Tomatoes contain beta carotene, B complex vitamins, vitamin C, vitamin E, phosphorus, potassium, sulfphur, quercitin, histamine, and lycopene. Lycopene is a potent antioxidant and is being researched as a preventive agent for cancers of the lungs, prostate, pancreas, stomach, and cervix. It also protects against stroke, heart disease, and cataracts. Processing tomatoes with some oil enhances the absorption of lycopene, which is fat soluble.
Avoid tomatoes that are bruised or mushy. Ripe tomatoes should have a smooth, firm skin but yield slightly to the pressure of a finger. Vine-ripened tomatoes are best; sometimes non-organic commercial tomatoes are picked green and ripened with ethylene gas. Usually grocery stores will advertise vine-ripened tomatoes as such. Serve tomatoes in slices at room temperature, or add to salads, soup, sauces, or vegetable juices. Native versions were small, like cherry tomatoes, and most likely yellow rather than red. Herbs that complement the flavor of tomato include basil, dill, oregano, black pepper and rosemary,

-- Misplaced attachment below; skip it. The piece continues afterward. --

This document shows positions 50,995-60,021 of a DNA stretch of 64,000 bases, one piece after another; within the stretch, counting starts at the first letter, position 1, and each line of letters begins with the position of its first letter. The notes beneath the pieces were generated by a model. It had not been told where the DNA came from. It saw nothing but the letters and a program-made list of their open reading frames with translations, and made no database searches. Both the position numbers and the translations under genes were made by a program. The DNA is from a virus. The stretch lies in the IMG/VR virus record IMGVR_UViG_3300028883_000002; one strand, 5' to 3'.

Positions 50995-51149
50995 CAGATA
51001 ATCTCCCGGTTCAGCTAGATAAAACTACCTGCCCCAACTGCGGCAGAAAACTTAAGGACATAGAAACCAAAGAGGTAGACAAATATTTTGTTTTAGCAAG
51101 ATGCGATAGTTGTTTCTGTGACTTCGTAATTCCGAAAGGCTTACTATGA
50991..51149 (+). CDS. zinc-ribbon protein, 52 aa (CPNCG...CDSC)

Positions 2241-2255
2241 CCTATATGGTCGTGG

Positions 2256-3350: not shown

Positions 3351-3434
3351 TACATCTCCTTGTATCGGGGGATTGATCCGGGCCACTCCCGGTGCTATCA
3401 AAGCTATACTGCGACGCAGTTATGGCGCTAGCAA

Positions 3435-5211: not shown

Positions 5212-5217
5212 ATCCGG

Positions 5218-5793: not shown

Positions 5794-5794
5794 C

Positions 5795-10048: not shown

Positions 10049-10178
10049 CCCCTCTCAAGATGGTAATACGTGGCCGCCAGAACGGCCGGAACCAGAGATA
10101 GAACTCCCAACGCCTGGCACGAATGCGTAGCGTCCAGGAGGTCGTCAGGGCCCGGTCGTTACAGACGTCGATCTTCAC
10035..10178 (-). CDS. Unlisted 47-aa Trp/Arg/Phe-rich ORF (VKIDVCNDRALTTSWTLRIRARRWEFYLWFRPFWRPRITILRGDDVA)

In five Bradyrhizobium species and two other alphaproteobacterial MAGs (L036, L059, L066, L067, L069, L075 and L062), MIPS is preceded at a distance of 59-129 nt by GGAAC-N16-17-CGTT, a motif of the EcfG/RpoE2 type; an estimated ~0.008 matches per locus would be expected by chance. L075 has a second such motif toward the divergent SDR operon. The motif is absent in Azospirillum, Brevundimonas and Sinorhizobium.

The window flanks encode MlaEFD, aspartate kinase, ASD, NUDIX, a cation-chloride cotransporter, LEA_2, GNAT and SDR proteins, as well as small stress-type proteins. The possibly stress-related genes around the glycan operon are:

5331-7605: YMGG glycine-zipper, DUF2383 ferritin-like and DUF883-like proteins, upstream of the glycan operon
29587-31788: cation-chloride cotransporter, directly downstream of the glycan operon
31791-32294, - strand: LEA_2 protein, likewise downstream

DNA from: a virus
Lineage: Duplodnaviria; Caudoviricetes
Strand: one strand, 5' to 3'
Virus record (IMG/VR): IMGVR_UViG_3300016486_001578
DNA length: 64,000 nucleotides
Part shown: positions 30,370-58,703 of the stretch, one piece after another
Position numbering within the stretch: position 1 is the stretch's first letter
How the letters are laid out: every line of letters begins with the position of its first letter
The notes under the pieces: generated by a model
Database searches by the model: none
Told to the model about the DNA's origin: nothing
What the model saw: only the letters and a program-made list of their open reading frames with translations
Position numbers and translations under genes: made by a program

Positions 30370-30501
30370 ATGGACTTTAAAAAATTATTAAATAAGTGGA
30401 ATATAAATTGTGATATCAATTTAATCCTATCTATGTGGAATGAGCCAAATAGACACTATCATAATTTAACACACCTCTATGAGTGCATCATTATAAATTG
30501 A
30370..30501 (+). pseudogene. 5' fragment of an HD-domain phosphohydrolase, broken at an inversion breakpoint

Some people find that tomatoes cause irritable bowel, heartburn, migraines, and/or skin irritation. Tomatoes also contain the alkaloid solanine and oxalic acid, which can inhibit calcium absorption; those with arthritis should eat tomatoes only in moderation.
Tomatoes are associated with the planet Venus, the element of Water and the energies of prosperity, health, love and protection. As tomatoes were considered a food of fortune, one still sees this symbolism in red tomato pincushions.
You can use this sauce on pasta or pizza.
2 large tomatoes
1/2 cup sun-dried tomatoes, soaked 2 hours
3 tablespoons extra virgin olive oil
1/4 cup fresh basil (optional)
1 teaspoon anise or fennel seed
1 tablespoon of honey or agave
1 teaspoons Celtic salt
Combine all ingredients in a food processor and pulse. Makes 3 cups.
Try this on: Summer Squash Pasta
What do you enjoy about tomatoes?